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An F-1 Story

 

I’ve always dreamed of living in the US. After working for two years following my graduation from college, I thought it was time to pursue my goal. There were two things that had always fascinated me: First, American life. My parent had lived in America when they were in their 20’s. They used to talk about that life experience and it influenced our life styles. For example, they showed me Disney movies in English, we usually ate western food and used knives and forks, and they bought me Barbie dolls instead of Japanese dolls.

 

The second reason was English. When my father watched American movies, he didn’t turn on the subtitles or change the audio track. Even though I asked him to change the audio track, he never did. It might have influenced me and I never changed the audio track either. Moreover, I had conversations in English from the fifth to ninth grade. My life was very close to American culture and language.

 

To move on the next level, I spent a lot of time looking into what I needed to go to the US. I found out that I had to change a career. Because the wages I made as a salesperson weren’t enough to live and save money for my dream. Otherwise it would have taken a few years, It was tough. So I started working on changing careers. After a few weeks, It turned out that it was more difficult change careers. Fortunately, the restaurant, where my friend worked, was looking for new staff which is how I got my job. After a few months, I got another job offer. However I didn’t want to leave the restaurant so I continued working there on my day-off.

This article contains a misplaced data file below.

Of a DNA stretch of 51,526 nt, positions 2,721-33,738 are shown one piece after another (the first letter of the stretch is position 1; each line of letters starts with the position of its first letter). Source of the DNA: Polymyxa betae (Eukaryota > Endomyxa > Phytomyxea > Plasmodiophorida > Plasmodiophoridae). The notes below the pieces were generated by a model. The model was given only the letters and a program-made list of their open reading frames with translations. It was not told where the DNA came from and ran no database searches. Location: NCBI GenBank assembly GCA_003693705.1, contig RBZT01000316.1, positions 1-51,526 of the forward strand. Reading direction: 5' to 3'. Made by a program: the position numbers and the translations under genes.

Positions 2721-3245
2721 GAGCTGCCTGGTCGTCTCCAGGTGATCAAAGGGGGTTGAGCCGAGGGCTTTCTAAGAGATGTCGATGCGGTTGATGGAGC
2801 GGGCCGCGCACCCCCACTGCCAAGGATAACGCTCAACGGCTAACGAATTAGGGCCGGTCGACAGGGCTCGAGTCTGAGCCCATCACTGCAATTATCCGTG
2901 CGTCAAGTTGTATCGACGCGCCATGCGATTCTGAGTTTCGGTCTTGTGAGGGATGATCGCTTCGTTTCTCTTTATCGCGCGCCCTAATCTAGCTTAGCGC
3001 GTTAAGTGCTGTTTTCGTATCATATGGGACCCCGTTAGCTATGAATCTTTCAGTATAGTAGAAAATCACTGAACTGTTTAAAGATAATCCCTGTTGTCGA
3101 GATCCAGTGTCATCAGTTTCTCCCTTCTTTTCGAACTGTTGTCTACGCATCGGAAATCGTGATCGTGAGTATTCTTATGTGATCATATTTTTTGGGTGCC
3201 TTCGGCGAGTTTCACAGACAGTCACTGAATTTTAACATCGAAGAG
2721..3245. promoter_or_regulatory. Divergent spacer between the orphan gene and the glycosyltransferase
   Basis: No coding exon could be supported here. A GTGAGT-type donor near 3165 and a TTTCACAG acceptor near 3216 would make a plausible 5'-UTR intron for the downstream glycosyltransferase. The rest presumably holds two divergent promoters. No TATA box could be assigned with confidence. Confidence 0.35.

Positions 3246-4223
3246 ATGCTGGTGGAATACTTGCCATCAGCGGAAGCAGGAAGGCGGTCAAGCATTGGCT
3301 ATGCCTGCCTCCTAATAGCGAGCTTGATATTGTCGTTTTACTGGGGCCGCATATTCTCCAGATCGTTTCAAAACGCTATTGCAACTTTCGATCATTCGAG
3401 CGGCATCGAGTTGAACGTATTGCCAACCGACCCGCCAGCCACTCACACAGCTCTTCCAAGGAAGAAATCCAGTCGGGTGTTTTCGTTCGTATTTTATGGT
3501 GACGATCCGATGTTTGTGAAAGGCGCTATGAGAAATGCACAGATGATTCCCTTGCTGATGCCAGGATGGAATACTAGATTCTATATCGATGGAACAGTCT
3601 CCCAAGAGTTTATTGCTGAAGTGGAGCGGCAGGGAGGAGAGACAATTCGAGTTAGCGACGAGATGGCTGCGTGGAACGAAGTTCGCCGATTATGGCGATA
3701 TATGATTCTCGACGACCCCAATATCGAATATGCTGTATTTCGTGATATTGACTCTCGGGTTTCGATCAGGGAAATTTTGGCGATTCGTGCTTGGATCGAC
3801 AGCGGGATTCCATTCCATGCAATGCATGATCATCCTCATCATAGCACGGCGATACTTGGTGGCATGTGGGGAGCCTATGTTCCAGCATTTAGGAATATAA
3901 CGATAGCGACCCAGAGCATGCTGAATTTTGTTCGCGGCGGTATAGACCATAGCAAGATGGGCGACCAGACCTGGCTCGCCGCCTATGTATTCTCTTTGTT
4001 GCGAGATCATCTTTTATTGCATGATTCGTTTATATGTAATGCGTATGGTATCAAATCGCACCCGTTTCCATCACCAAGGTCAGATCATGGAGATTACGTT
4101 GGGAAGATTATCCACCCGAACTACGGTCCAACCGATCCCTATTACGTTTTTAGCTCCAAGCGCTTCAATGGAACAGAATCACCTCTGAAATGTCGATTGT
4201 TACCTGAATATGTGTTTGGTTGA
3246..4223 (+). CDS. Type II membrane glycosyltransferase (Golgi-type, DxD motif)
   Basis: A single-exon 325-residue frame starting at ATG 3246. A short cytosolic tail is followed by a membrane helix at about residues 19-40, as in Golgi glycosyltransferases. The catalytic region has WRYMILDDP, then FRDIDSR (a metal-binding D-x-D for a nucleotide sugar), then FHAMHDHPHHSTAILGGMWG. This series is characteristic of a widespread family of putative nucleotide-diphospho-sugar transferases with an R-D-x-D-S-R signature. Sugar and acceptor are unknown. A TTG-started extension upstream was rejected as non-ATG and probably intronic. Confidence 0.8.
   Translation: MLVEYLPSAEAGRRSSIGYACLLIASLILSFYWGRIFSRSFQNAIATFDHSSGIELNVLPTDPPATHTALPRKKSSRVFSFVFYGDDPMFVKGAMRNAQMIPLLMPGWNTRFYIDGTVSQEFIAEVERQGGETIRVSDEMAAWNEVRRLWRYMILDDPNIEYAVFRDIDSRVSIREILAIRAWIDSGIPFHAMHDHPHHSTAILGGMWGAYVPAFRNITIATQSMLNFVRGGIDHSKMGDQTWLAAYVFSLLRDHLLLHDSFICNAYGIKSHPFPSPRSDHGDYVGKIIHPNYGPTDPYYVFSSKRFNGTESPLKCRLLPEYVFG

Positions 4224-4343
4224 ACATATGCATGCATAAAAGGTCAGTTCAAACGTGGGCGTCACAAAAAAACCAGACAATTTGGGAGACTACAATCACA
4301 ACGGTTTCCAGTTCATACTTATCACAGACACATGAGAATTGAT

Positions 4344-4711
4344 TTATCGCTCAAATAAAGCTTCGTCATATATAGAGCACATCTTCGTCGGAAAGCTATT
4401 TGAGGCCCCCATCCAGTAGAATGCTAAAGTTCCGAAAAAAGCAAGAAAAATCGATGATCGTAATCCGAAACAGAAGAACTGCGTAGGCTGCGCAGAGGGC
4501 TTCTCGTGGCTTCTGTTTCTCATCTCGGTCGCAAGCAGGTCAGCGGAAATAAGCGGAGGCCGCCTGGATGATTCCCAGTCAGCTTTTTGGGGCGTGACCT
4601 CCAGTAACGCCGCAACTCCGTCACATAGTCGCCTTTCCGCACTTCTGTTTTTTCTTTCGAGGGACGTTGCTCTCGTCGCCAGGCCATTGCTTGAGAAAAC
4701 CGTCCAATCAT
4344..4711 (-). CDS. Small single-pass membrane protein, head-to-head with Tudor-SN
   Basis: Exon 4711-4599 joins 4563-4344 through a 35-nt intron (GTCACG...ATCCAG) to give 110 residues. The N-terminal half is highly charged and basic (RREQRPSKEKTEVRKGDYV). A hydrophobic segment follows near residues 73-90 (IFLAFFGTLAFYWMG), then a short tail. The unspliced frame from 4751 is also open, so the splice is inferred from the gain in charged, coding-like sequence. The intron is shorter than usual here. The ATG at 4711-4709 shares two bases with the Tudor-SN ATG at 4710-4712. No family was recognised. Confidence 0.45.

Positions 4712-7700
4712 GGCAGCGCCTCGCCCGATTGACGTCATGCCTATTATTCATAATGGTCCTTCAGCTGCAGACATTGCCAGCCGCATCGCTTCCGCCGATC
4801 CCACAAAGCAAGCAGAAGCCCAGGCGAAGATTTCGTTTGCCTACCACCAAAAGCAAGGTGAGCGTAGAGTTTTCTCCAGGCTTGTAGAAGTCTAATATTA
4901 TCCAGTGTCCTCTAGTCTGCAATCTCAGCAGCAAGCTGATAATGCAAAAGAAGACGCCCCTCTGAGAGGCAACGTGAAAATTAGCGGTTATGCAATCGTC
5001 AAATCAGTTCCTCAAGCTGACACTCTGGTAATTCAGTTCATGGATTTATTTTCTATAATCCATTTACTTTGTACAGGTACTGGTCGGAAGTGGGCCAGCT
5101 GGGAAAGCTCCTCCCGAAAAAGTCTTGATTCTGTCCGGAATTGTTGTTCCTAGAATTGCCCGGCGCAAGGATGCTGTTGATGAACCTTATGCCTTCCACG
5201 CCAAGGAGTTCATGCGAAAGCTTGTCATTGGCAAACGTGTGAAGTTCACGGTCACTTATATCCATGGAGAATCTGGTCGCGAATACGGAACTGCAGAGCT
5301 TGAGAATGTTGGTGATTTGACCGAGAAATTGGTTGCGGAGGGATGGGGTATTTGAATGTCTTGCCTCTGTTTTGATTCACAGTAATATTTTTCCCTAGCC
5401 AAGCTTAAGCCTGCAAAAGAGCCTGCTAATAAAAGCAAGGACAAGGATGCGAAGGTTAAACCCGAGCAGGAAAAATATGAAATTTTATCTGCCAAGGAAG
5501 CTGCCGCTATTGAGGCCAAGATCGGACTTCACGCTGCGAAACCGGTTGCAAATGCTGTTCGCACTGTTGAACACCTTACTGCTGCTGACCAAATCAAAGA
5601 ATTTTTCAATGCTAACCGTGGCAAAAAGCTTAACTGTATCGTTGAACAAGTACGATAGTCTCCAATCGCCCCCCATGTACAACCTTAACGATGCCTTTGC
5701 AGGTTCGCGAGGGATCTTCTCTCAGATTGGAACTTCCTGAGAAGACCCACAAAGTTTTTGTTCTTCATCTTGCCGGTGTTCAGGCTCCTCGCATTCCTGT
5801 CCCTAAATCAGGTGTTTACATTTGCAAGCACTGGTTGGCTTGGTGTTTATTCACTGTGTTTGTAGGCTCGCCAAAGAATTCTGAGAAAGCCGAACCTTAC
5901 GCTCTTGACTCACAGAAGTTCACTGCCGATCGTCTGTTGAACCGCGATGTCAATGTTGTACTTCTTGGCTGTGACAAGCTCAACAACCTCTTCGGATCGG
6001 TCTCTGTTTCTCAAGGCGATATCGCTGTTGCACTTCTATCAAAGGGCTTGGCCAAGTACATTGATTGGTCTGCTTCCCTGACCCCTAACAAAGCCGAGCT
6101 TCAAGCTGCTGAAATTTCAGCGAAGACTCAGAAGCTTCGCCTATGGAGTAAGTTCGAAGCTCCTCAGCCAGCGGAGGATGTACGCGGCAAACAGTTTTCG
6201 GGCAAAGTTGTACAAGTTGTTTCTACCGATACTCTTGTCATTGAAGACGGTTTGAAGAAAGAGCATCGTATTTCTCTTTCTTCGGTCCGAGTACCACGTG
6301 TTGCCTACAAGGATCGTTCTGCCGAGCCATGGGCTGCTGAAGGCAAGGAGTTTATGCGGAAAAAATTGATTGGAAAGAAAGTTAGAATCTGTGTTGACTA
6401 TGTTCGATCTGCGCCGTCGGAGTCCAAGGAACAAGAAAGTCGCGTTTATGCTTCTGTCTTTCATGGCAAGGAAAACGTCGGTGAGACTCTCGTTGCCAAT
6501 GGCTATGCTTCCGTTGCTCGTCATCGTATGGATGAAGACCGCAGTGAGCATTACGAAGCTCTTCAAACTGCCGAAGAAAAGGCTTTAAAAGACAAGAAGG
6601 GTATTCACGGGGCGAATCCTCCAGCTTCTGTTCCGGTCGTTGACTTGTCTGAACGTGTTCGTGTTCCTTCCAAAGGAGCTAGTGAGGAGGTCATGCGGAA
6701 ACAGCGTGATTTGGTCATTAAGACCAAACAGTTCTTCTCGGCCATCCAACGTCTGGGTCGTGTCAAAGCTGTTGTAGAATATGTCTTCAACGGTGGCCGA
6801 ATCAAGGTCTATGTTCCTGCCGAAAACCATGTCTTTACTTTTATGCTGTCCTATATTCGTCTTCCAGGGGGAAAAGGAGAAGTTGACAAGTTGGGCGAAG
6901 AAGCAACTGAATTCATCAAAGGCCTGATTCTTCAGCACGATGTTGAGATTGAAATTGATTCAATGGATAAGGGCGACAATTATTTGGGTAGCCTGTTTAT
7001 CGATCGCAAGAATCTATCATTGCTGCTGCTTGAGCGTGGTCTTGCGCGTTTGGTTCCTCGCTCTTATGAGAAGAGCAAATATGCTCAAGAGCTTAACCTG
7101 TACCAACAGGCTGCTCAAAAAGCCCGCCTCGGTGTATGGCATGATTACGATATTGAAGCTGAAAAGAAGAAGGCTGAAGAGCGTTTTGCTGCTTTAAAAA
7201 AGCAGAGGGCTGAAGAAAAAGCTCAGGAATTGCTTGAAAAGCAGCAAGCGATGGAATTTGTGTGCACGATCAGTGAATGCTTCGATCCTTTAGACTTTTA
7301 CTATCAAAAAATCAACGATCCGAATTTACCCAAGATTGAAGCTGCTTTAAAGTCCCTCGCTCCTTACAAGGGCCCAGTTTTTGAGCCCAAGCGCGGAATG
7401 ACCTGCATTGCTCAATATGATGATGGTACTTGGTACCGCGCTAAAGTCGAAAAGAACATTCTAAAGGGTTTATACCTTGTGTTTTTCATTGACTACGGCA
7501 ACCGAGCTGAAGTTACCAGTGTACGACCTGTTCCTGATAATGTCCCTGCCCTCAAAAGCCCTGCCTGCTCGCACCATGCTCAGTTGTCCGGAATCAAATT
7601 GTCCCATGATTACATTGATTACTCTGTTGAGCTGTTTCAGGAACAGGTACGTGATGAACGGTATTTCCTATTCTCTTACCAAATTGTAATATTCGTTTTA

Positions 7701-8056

The next step was getting a visa. My friend suggested that I apply for a visa through the company but it cost a lot of money, and I wanted to save as much money as I could. I researched how to apply for an F-1 visa, and it looked easy enough to do by myself. The only thing I was really concerned about was the interview at the embassy. One source said it took 30 minutes but another said it was just five minutes. The more research I did, the more worried I got.

 

Surprisingly, the interview was much easier than I thought and took just ten minutes. The questions I was asked were, for example, “Why do you want to go to the US?”, “What do you want to study?” and “What will you do after studying English?”. I passed the interview and I finally got ready to go to the US.

 

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